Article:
By Tom Bergin
(REUTERS) -- Oil giant BP has lost its attempt to shift over $15 billion of costs related to the Gulf of Mexico oil spill onto contractor Transocean, increasing the possibility BP may have to foot the entire $42 billion clean up bill.
A U.S. federal judge on Thursday said BP must uphold a clause in its contract with Transocean Ltd that would shield the Swiss-based driller from compensatory damage claims related to the 2010 disaster.
That means London-based BP may have to shoulder alone compensation claims brought by the likes of fishermen and hoteliers whose livelihoods were affected by largest offshore oil spill in U.S. history.
However, U.S. District Judge Carl Barbier left open the possibility that Transocean might still have to pay all or part of any punitive damages and civil penalties imposed by the U.S. government under the federal Clean Water Act.
Barbier, who oversees multistate litigation over the spill, ruled that BP need not indemnify Transocean for these.
BP has estimated civil fines of around $3.5 billion related to the spill, although maximum possible fines could top $20 billion if gross negligence was established on the part of BP or its contractors.
BP has made no provision for punitive damages because it says there is no legal basis for them. Barbier has limited the cases in which claims for punitive damages can be brought.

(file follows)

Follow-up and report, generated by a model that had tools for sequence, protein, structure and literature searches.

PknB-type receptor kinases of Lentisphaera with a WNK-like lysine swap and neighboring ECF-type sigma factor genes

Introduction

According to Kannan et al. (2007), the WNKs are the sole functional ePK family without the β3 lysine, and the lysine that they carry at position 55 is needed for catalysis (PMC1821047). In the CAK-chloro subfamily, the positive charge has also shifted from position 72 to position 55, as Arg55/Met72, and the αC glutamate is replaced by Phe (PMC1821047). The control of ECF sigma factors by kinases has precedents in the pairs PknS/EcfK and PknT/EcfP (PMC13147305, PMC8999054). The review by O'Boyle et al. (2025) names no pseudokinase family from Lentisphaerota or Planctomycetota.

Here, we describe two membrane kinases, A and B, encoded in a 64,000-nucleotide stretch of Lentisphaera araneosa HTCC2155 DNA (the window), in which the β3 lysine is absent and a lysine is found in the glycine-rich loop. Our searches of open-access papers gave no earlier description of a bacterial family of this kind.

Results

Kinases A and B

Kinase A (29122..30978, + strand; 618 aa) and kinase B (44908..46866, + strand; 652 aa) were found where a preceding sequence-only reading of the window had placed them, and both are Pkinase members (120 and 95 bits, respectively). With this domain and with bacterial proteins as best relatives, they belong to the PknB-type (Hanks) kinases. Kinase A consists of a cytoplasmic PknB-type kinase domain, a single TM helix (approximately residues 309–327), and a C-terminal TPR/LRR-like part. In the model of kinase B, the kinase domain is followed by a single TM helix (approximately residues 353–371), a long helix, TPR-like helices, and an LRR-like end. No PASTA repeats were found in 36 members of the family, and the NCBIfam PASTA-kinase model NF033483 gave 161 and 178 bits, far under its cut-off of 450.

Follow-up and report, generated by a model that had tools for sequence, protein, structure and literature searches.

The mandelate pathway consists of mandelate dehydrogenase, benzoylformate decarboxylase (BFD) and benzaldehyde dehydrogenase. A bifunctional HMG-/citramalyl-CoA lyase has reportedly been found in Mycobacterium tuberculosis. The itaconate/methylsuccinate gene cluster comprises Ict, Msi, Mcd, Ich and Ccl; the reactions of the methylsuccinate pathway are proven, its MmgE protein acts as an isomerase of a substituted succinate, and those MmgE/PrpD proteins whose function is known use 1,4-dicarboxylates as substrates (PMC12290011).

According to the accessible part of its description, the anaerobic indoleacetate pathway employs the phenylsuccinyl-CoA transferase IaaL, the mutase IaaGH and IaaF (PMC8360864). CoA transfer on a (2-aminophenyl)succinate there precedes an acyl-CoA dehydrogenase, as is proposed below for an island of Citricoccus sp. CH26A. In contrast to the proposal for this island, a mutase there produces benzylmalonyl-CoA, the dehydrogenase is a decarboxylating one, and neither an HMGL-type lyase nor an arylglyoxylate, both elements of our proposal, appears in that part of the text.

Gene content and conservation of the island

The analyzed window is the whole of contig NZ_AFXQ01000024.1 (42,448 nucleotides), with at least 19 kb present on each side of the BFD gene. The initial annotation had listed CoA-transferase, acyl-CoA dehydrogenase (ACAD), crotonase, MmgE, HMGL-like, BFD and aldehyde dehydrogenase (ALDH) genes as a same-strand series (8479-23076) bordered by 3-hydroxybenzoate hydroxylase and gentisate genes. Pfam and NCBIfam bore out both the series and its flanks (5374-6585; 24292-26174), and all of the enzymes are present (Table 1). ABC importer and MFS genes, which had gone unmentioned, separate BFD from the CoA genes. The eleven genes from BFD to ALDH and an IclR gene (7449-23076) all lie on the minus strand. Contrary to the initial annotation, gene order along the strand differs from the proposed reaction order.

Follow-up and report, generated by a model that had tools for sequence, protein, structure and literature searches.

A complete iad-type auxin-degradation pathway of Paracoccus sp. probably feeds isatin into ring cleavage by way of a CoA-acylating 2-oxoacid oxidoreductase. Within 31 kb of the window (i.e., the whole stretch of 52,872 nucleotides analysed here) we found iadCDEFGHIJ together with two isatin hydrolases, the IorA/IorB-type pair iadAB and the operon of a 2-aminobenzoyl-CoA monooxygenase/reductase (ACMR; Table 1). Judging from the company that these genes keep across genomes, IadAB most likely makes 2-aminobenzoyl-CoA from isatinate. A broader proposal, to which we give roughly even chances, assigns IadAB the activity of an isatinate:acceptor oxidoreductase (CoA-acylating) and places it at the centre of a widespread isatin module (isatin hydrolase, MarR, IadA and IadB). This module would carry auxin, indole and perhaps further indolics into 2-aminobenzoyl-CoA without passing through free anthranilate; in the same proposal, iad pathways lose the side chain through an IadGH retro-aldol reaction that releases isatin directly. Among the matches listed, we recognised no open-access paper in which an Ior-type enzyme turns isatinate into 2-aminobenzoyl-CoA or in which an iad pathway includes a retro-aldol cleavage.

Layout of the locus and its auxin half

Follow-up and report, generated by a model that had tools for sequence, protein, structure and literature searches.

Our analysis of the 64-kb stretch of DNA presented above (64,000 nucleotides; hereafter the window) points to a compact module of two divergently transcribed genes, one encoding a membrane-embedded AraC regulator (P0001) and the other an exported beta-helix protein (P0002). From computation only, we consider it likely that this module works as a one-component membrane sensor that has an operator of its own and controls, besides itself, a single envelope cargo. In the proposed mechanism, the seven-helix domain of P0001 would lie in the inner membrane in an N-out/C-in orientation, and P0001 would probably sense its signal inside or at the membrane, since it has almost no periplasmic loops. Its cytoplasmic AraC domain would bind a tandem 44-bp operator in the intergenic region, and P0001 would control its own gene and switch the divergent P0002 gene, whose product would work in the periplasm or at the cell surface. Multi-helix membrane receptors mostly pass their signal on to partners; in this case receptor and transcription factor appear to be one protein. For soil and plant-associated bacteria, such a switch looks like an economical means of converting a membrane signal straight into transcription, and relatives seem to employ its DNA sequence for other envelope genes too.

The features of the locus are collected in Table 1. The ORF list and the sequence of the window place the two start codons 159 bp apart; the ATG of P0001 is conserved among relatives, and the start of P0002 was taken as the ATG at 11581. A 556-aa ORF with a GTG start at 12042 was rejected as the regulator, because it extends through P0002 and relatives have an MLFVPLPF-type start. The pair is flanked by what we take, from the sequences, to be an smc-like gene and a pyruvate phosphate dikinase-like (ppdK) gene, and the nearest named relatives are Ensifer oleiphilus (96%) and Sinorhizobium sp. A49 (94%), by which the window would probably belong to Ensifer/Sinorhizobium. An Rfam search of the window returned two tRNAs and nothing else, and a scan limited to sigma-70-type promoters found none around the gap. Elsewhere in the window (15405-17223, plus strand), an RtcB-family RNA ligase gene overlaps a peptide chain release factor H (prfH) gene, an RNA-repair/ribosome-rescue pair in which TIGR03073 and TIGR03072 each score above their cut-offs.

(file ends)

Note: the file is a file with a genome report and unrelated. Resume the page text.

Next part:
Thursday's decision means Transocean's potential liability over the April 20, 2010 Deepwater Horizon drilling rig explosion that caused 11 deaths, was "materially diminished" analysts at UBS said in a research note.
BP had previously sought to shift the whole cost of the disaster, currently estimated at around $42 billion, onto Transocean.
Shares of Transocean rose 8.2 percent at 0856 GMT, while BP shares fell 1.7 percent.
Transocean owned the rig, while BP owned a majority of the Macondo well whose blowout led to the spill.
BP has said it would like to reach an out of court settlement with Transocean but Barbier's ruling makes its negotiating position weaker.
Both sides claimed victory over the ruling, which Transocean spokesman Lou Colasuonno said "discredits BP's ongoing attempts to evade both its contractual and financial obligations."
BP said the decision "holds Transocean financially responsible for any punitive damages, fines and penalties flowing from its own conduct.
"As we have said from the beginning, Transocean cannot avoid its responsibility for this accident," spokesman Daren Beaudo said in an emailed statement.
BP has already paid out $7 billion in claims to third parties who have suffered losses and has an outstanding provision of $8.2 billion for further claims and litigation, suggesting third party claims are expected to top $15 billion.
However, plaintiffs lawyers say compensatory claims could even end up totaling more than the $20 billion BP has set aside in its gulf coast restoration fund.
Two U.S. government probes have put most of the blame for the disaster on BP, suggesting BP is likely to face the largest share of any fines levied.
The New Orleans-based judge has set a February 27 start date for a trial to apportion blame.
The case is In re: Oil Spill by the Oil Rig "Deepwater Horizon" in the Gulf of Mexico, on April 20, 2010, U.S. District Court, Eastern District of Louisiana, No. 10-md-02179.